Here’s the recipe for an economy car: Take your standard small car and remove length and width. Remove sound insulation. Remove as many electronics as possible. Remove horsepower. Remove excitement, an appetite for fuel, and anything else you can. Then add height. Make sure you have plenty of ’70s-era airliner fabrics available and a large corporate parts bin from which to choose your bits and bolt-ons. Stir briskly and let simmer. Voil! You’ve got an economy car, capable of sipping gas and saving green (both the tree and federal reserve note varieties). The bright side–beyond the obvious fuel savings–is that you’ve got a spanking-new set of wheels at a price that won’t break the bank.
The base price for our dowdy Accent was $10,499, a sum that included power steering, a cassette stereo, and dual front and side air bags. We added air-conditioning ($795) and Hyundai’s Popular Equipment package (power windows, locks, and mirrors; $495), which brought the total to a wallet-friendly $12,334.
The low price showed. The Hyundai displayed a startling range of interior quality, from quite nice to absolutely atrocious. The good: handsome mesh-look gauges; a nicely grained and attractive dashboard; and great-to-touch rubberized door grabs and locks. The bad: the hard, shiny door panels, steering wheel, and center console, the latter constructed of plastic so cheap, it actually sparkled. The seat materials were decent, but comfort was not. Our passengers grumbled about a complete absence of back support and cushions that were far too short and flat. The seats were upholstered with a grey-checkered mess of a fabric.
We opted for power locks, but there was no switch on the inside. Instead, when the driver’s door is manually locked, the other doors secure automatically with a cringe-inducing crunch better suited to potato chips than door locks. The retractable cup holders, which spring out from the lower half of the dashboard, can’t hold even a 20-ounce soda bottle. We were afraid to put anything very full in them, both for fear of spills and snapping them off simply from the weight. Front leg- and headroom were acceptable, but the back seat is strictly for cargo and small kids, traits shared by the Accent, the Echo, and the Aveo alike.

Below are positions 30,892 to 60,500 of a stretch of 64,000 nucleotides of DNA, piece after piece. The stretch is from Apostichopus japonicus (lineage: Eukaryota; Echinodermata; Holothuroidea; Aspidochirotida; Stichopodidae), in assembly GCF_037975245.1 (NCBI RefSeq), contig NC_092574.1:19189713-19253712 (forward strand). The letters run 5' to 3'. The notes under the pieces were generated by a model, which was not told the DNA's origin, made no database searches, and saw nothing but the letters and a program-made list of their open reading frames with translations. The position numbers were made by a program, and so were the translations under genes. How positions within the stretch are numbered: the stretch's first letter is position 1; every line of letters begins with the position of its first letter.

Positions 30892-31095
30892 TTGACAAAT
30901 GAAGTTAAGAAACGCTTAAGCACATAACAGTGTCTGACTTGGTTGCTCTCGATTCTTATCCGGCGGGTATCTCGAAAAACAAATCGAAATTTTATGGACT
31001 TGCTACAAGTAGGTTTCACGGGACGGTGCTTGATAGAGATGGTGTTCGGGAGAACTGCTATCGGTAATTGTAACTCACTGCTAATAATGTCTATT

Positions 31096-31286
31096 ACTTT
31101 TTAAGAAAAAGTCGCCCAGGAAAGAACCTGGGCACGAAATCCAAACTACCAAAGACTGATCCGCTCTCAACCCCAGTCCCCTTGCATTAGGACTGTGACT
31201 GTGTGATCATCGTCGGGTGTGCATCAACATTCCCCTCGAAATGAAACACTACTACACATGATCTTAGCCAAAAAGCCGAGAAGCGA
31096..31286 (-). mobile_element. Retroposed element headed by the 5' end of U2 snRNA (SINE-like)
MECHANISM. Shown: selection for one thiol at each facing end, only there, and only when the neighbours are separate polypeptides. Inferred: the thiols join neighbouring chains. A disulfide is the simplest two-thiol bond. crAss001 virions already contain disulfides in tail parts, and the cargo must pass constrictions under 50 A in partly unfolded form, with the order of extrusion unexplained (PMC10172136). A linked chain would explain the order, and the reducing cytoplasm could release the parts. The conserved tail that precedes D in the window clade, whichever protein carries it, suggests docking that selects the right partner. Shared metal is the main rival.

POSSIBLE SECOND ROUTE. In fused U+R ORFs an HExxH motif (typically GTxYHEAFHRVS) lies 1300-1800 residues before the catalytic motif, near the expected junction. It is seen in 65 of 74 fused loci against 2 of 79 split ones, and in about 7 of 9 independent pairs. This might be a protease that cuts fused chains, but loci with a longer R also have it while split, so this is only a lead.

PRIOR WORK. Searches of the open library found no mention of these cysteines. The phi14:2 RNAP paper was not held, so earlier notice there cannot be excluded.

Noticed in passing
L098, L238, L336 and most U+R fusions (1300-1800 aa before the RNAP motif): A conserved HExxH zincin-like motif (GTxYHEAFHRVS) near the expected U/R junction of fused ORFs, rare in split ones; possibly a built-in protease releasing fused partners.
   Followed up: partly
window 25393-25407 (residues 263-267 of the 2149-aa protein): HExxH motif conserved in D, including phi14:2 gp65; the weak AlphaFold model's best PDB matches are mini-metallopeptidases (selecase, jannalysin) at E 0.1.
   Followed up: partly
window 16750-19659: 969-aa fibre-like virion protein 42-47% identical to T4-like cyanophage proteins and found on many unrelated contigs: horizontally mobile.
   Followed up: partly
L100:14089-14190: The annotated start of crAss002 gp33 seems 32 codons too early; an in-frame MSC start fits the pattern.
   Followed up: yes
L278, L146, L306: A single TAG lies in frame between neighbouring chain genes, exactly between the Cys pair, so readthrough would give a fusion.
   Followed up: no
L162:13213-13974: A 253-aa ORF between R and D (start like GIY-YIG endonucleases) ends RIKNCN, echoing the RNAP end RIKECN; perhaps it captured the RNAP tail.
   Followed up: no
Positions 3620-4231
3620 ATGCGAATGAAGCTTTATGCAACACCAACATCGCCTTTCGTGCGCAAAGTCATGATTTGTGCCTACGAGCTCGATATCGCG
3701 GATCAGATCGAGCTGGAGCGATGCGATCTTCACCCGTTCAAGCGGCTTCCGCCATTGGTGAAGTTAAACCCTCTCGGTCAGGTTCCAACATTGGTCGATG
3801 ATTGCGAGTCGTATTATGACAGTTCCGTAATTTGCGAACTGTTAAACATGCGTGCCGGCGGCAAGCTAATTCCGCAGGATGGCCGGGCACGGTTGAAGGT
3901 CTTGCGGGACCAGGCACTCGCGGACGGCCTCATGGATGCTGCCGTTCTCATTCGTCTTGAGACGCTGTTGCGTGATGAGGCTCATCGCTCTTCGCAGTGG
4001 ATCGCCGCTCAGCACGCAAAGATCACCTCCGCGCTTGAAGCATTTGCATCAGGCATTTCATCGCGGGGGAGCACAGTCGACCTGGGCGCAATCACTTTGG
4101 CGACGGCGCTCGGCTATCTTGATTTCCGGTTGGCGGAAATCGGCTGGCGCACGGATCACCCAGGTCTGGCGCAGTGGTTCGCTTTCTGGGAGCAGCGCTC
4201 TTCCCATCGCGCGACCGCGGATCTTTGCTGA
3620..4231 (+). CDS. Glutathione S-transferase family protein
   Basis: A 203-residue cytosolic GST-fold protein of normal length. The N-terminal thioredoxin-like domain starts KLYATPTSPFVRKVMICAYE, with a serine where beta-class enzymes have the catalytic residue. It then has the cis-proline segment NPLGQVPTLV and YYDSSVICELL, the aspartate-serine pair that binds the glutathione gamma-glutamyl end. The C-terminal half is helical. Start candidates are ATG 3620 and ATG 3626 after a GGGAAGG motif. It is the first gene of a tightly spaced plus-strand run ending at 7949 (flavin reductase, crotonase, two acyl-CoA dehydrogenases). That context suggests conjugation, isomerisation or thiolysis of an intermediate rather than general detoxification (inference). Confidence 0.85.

The five-speed manual transmission was one of the worst we’ve used in some time. The throws were extremely long and the interchanges were as notchy as a promiscuous coed’s bedpost. That said, once we’d selected a gear, power delivery was smooth and linear. And noisy. The 1.6-liter, 104-hp, in-line four doesn’t reach full power until 5800 rpm, and the rev limiter kicks in at about 6000 rpm, so the sound of the engine is a constant companion if you want to get anywhere in a (relative) hurry. This will naturally deep-six any hopes of achieving the Accent’s EPA-rated fuel economy of 29 city/33 hwy.
The overall ride was as composed as can be expected from a car rolling on tiny thirteen-inch wheels–until you turned the steering wheel, at which point the body would heave and pitch like an angry bull.
2005 Toyota Echo
Our phantom gray, two-door Echo–the only coupe in our trio–arrived on our doorstep with the most options, including the All-Weather Guard package(rear defogger, rear heating ducts, and a heavy-duty battery; $275), power mirrors ($70), air-conditioning ($925), power steering ($270), fifteen-inch wheels ($90), and floor mats ($88). With those add-ons, the base sticker of $10,895 quickly became $12,613.
For that money, you get one of the most goofy-looking cars on the planet, both inside and out, albeit one that gets nearly 40 mpg. The funny-looking “face” on the passenger-side dash–formed by two round vents and the glovebox–both amused and frightened, while the contrasting shapes found throughout the interior just seemed disjointed rather than avant-garde. The so-so seats were swathed in a two-tone scheme of gray and confetti-patterned upholstery. Once we got past the unattractive cabin, however, we discovered that the Echo was the most user-friendly of the bunch. There were myriad bins within arm’s reach, honest-to-God cup holders–something the other two cars did not have–and a comparison-best 13.6 cubic feet of trunk capacity.